Let me break from my regular blogging to ruminate about this very relevant topic.
Yesterday, at around 5:11 p.m., a magnitude 6.1 earthquake shook Central Luzon, centered in Castillejos, Zambales. Seventeen casualties have been reported so far, mostly in Pampanga where some buildings have collapsed, with that number expected to increase. Metro Manila also felt the tremors, with high-rise buildings visibly swaying in videos uploaded to the internet.
Frankly, I had no idea that anything was wrong while it was happening. We were in the car going home, and I was busily planning an upcoming event. My husband, who was driving, apparently felt a jolt, but he thought that we had just hit a small obstacle on the road. We only learned about it when my mother called to ask where we were. Apparently, she and my Dad had been resting at home when their bed had started to shake.
Our first thought, of course, was the welfare of the children. We hastened home and found them all–kids and yayas–unhurt. The two boys, who had been playing in their second-floor bedroom, hadn’t felt a thing–in fact, my eldest was disappointed that he’d missed the whole event. My toddler and her yaya had just descended down the stairs–thank God–and had been in the empty garage when it happened. Nothing had detached, or broken, or fallen over; even my collection of location mugs arrayed on the shelves was intact.
My next thought was, were we prepared if this had happened on a larger scale? What if a magnitude 8 quake had struck; the “Big One”? Would my kids and “angels” have known what to do and where to go? Were our emergency bags and equipment complete? And I was shaken (pun intended) when I realized that the answer was NO.
The kids’ summer classes had been suspended, so in the interest of indulging my paranoia, I also decided to ditch clinic so that I could keep an eye on them and update our bug-out bags. While I did that, I also briefed the household on some easy-to-remember safety tips for when the earthquake is actually happening:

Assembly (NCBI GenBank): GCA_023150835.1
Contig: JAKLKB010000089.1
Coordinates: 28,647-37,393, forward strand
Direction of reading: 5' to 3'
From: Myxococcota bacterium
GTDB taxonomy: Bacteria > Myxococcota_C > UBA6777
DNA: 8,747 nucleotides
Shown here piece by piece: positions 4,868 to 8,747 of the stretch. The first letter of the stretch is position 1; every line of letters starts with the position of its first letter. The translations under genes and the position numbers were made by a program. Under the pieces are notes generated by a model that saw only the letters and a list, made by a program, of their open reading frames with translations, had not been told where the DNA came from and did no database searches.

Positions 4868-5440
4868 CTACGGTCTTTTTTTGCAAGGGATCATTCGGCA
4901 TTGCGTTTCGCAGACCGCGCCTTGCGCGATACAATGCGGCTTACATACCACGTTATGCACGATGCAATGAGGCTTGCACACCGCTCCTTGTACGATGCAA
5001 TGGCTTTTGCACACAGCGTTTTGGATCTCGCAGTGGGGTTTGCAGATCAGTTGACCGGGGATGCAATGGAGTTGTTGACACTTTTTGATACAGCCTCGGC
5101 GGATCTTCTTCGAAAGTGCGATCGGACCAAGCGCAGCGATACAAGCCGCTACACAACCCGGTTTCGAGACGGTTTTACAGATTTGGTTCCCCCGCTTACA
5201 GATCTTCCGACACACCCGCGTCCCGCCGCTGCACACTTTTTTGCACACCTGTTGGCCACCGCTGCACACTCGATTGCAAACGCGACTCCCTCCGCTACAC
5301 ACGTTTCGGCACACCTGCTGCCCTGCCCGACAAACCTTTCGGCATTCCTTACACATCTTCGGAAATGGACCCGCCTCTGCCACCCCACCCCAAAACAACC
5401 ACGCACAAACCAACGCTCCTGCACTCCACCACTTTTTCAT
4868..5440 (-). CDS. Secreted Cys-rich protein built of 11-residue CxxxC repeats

- Stay away from windows, heavy objects like unanchored bookshelves, glass (like mirrors or glass sliding doors), and hanging appliances like chandeliers or ceiling fans.
- Drop to the ground, hide under a sturdy table, and hold on. This is the classic DUCK, COVER, AND HOLD maneuver. Don’t rely on doorways because they’re no stronger than any other part of the house. Do this even if you’re in a high-rise building.
- Do NOT get into the “Triangle of Life“. There is no data that substantiates the claim that it can protect you. Look for a table or a strong desk to hide under.
- If you are in bed, curl up and put a pillow over your head.
- Don’t try to run out, go up or down the stairs, or gather belongings during the earthquake itself. Most injuries occur this way, with people falling and sustaining sprains or fractures, or getting hit by flying objects.
- Stay indoors until the earthquake is over and you are sure that there is no falling debris that can hurt you. If you must, use the stairs rather than the elevator.
- If you are already outside, find a clearing away from trees, power lines, or structures, and drop down while protecting your head.
- If you are in a car, drive slowly to a clear space and wait inside the car with your seatbelts fastened.
- If power lines fall on your car, stay inside and wait for help.
Refer to the Red Cross Earthquake Safety List and Phivolcs Community and Family Earthquake Safety Guide for ideas on what else to do before, during, and after an earthquake. The latter also has a list of what to put inside emergency or bug-out bags (BOB) for every member of your family.
Have you ever experienced a major quake? What did you do?